It is also extremely significant that everyone who meets Aziraphale assumes that he’s a gay man. These are technically two separate assumptions that, while correct about him today, were not technically correct at that the moment of his creation. However, they are correct now, because Aziraphale’s sense of identity has evolved. He’s making an effort to make it correct, make it match up as closely as possible with how he perceives himself. Aziraphale’s masculinity is indivisible from his queerness, which is to say: his identity is not just A Man, but A Gay Man. The masculinity he has created for himself, which he performs and inhabits, is a queer one.
Aziraphale’s masculine identity is not what is considered traditionally masculine for his culture: England in 1990. Shadwell describes him as soft, as his hands are “elegantly manicured.” He freely touches other men (in 1990, which was a very different time for the way men interacted with other men), and several of the homophobic insults used against him specifically invoke concepts on effeminacy. Aziraphale doesn’t just default to a stereotypical masculine existence; rather, he constructs his masculinity based on what aligns with his identity. It’s a choice that stands in defiance of what his society’s norms demand, in defiance of what would be easier, and that makes it all the more significant.
Furthermore, Aziraphale is both aware and proud of his queer masculine identity. He is aware of how humans perceive him; he leans into that both individually and in collaboration with Crowley. As a specific example, consider the scene where Crowley hits Anathema with the Bentley. Crowley and Aziraphale both know full well what a human is going to think about the way they interact with each other. Crowley makes an incredibly conscious choice to say “Get in [the car], angel” to Aziraphale, and Anathema draws the expected conclusion (i.e. that this is a kindly gay couple and that she’s “perfectly safe after all”). The fact that Aziraphale and Crowley have both made the effort to perform this identity, to perform it together, is telling. They have made not only individual efforts, but a joint one. This performance permeates every moment they’re together in public. When they meet in the British Museum café, Aziraphale even goes so far as to comfortably eat off Crowley’s plate (the bit where he helps himself to what’s left of Crowley’s angel-food cake). Just imagine being somebody on the Ritz staff who’s been watching these two finish each other’s wine, coffee, and desserts on their regular lunch jaunts there for decades. And then there’s the beauty of it carrying into private spheres: bickering in the Bentley when nobody else is there to see, getting drunk together in the bookshop back room, and so forth. These two couldn’t be gayer if they tried, and the wonder of it is that they are trying.
Simply put, this is who Aziraphale is —and, for that matter, who Crowley is as well. They don’t change the way they perform their masculinity and their relationship because of the way they’re perceived, even though it would likely make their lives easier (or at least make humans behave less rudely). Their queer masculinity and their relationship are that important to them, even to such an extent that they’re demonstrably more physical with each other than any other set of characters in the novel. They have nearly three times as many physical interactions as Newt and Anathema have with each other—and around 47% of all physical interactions, period—in the text. Right from the Beginning, during the Eden scene, snake Crowley “nudges” Aziraphale to make his point. For the next 6,000 years and change, they comfortably go right on nudging, grabbing, and all-around touching each other—arguably more than is strictly necessary for so-called enemies turned friends. Once again, Good Omens was published in 1990, which remained a vastly different time as far as the expectations surrounding expressions of physical affection between men.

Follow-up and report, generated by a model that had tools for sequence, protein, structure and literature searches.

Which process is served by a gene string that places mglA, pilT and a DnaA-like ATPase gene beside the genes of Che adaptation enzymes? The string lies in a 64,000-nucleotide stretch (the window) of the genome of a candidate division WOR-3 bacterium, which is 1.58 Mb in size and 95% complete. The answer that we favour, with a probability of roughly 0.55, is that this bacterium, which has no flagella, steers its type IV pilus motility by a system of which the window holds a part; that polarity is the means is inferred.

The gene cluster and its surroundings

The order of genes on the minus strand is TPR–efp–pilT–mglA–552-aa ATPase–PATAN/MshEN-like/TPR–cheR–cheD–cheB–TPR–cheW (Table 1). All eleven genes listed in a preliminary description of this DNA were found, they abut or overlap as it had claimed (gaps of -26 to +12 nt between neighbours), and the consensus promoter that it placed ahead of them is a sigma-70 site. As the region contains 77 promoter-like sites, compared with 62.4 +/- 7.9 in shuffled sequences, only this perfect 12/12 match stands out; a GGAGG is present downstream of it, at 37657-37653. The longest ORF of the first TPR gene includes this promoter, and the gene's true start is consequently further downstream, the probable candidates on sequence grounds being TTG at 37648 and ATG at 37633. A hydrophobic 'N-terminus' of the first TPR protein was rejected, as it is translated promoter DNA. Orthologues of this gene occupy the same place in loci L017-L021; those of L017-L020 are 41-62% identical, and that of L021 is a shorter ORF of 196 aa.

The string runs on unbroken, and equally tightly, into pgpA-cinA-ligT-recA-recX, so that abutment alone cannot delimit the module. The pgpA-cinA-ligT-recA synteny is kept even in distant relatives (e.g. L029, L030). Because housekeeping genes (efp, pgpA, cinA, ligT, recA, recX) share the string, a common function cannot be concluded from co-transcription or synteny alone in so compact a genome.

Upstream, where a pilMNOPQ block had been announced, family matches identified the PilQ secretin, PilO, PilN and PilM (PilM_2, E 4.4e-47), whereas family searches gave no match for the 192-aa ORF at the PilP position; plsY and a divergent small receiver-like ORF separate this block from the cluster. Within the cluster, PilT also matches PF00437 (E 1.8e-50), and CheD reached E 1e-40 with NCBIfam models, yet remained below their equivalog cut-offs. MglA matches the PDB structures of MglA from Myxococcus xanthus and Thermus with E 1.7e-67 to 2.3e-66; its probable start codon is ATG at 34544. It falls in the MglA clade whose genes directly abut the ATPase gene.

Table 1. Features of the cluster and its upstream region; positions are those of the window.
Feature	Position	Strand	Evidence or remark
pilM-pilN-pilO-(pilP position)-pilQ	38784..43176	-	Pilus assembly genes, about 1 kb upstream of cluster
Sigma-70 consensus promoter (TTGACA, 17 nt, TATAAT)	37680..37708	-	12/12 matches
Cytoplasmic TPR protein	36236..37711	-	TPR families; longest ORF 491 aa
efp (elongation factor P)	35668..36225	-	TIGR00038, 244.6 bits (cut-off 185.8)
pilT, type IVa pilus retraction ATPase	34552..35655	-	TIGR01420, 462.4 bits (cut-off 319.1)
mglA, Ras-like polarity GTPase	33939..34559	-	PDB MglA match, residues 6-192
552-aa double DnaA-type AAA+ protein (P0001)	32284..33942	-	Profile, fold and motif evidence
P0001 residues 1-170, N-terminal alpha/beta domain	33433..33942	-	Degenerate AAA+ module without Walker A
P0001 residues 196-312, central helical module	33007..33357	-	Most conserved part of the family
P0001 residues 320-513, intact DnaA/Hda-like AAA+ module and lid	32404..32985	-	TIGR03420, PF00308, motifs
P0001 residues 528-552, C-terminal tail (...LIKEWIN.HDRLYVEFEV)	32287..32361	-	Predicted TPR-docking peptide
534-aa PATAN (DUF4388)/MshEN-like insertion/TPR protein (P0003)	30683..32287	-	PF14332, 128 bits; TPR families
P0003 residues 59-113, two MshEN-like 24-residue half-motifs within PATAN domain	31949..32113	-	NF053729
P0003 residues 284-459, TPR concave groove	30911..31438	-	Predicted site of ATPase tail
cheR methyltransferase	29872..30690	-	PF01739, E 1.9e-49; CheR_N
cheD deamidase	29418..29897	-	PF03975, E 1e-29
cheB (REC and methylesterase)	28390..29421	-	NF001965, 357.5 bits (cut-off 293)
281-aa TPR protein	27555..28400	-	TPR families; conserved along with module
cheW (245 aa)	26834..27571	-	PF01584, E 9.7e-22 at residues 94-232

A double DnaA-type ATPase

On the subject of human rudeness, no fewer than four different slurs and insults used for gay men are leveled against Aziraphale in the text—for the way he dresses, the way he behaves, or the way he speaks. He is aware that these words are used against him and aware of both the meaning and cruelty behind them. While he easily brushes off Warlock’s heckling of his stage magic, after one of Warlock’s friends calls him a f****t, he decides that Warlock is “obviously infernally tainted.” This slur’s sting is subtle, as are most of Aziraphale’s displays of emotion, but it is pervasive. Still, Aziraphale remains comfortable with his identity as a gay man and proudly reclaims the insults people have used against him; he’s not just A Southern Pansy, he’s THE Southern Pansy. His identity is important to him, and it matters—to such an extent that he does continually “make an effort” as the text memorably suggests.
With regard to the inherent trans-ness of ethereal and occult creatures inhabiting human genders, already examined earlier to an extent in the section on Crowley’s transformation-related dysphoria, another item from the novel needs to be addressed. It has been broadly assumed that Gaiman’s and Pratchett’s designation of “sexless” should be read as a euphemism for “without genitalia.” While the original intention of the line cannot be inferred from the text, it should be acknowledged that if that was what the authors meant, it still doesn’t change any of the previous points in our argument. On the off-chance that the bodies Aziraphale and Crowley inhabit are, indeed, lacking genitalia, they’re nonetheless still making an effort to exist as and be seen as men. A man without a penis is still a man, and when he makes an effort to exist as and be seen as a man, the validity of his gender should be acknowledged. Therefore, regardless what genitalia they have (or do not have), the same acknowledgement should be unequivocally extended to Aziraphale and Crowley.
In conclusion, Aziraphale and Crowley are men: gay men specifically, and trans men in light of how they experience and relate to their preferred, inhabited human bodies. Their shared identity should be acknowledged and respected, as should the nature of their relationship to each other.